TEACH YOUR CHILD TO INVEST
Many believe we owe it to our families to leave a healthy inheritance once we shuffle off this mortal coil. But CHRISTINA CASTLE suggests it is nobler to leave our loved ones a legacy of investment intelligence and the savvy to create their own retirement nest egg.
My great grandmother’s chicken broth has always been a family favourite. It is a simple recipe from which you don’t deviate. You don’t need to. It’s an oldie but a goodie that has been shared through the generations and always tastes as it should.
I am enormously grateful for the culinary wisdom generously imparted from the family kitchen. But I wish that at least one grandparent, great aunt or uncle instead had the inclination to share the basic ingredients for intelligent investing.
Discussion of money and investments in my family was taboo — you just didn’t do it. Everything I know today, I have learned myself. But I’ve had plenty of help from Dave Foord’s Time in the Markets, with which I have proudly brainwashed my children for years.
Whether your offspring is seven or 27, it’s never too early or late to start the money and investing conversation. Just make sure you have it and have it often. Bring them along to Foord’s annual Meet the Team presentations or read them Foreword when you tuck them into bed.
Start with principles that are easy to grasp, simple to convey and bound to spark a conversation and an interest in investing:
Never lose money. That’s Warren Buffett’s first rule of investing and a cautious reminder to always do your homework for an investment. Never go into an investment prepared to lose. He adds that rule number two is “never forget rule number one.”
To win in the investment game you must first survive. Understand risk and the importance of managing it. Risk is not volatility. Risk is the chance or possibility of permanently losing money. Spend more time worrying about the downside risk in your investments than dreaming about the upside potential.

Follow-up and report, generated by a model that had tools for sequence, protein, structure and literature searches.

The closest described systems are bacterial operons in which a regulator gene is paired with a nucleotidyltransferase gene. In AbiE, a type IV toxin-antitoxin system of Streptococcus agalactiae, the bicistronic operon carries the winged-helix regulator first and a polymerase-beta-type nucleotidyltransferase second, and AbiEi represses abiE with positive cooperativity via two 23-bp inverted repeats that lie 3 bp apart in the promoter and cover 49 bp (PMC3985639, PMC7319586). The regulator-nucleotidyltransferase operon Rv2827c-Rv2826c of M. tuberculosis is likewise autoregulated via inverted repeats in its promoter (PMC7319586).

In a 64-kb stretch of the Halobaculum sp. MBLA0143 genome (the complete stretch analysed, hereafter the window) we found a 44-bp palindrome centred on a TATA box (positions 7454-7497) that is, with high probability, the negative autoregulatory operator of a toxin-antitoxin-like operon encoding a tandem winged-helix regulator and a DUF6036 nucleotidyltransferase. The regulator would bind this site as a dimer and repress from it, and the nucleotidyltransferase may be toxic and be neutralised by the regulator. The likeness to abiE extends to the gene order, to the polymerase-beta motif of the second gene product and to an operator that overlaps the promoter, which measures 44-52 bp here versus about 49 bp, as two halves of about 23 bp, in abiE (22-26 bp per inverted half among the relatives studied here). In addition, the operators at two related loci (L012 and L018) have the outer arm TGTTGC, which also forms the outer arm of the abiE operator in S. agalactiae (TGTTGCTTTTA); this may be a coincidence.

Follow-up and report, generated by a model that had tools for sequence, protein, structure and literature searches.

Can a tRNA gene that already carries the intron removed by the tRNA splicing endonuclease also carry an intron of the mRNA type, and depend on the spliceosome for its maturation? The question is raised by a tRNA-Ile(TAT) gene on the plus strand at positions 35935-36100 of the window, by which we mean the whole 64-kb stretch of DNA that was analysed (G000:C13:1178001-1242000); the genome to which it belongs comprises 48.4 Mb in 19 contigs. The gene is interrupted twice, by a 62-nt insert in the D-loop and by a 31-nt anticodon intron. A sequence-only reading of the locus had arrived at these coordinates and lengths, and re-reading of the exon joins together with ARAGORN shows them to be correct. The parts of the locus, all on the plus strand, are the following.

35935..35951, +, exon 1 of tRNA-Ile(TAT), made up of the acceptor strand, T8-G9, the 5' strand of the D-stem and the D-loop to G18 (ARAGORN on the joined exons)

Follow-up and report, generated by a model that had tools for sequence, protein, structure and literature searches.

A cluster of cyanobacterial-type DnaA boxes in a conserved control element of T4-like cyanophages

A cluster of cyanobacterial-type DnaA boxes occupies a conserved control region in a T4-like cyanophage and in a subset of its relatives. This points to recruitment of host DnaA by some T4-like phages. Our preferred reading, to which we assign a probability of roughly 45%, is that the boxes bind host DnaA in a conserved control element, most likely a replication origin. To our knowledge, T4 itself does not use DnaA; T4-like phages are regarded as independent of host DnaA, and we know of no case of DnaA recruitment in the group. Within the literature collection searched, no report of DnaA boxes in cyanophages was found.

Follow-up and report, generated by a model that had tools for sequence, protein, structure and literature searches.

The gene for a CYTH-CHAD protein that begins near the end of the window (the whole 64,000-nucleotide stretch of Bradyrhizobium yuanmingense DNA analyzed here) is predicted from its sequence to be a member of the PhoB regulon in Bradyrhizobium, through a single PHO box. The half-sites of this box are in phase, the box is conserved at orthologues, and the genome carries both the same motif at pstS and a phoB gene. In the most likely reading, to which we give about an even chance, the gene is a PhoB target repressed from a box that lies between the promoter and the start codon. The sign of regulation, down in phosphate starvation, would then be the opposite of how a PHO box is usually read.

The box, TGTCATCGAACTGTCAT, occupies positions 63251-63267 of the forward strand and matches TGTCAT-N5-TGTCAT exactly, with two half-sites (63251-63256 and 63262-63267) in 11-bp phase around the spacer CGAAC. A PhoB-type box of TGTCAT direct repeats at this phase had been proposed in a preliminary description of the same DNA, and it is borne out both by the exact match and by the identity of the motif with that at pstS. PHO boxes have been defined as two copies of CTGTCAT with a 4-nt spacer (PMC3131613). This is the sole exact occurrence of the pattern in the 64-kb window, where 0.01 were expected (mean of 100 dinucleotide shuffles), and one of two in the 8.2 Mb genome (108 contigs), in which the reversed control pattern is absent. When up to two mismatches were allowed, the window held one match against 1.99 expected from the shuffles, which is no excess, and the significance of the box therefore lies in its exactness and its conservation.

Compounding is a powerful force. Albert Einstein allegedly said, “Compound interest is the most powerful force in the universe.” It competes with the wheel as one of the most important tools of man. You need to harness this force to become a great investor.
Think in years; comprehend in decades. Time is one of the most important elements in the compounding formula. Give your investments time, be patient with them. Only then will you realise their full potential.
Know and understand the difference between investing and speculation. Investment is easy to do and succeed in; speculation is even easier to do but extremely difficult to succeed in. Speculation is a short holding period and uncertain result. An investment is a long holding period and a more certain result.
Diversification is the only “free lunch” available to investors. Diversification means reducing risk of loss by investing in a variety of assets. Use it as often as possible, but not as much as possible, because too much diversification reduces return.
For a copy of Time in the Markets or Christina Castle’s family chicken broth recipe, please email firstname.lastname@example.org.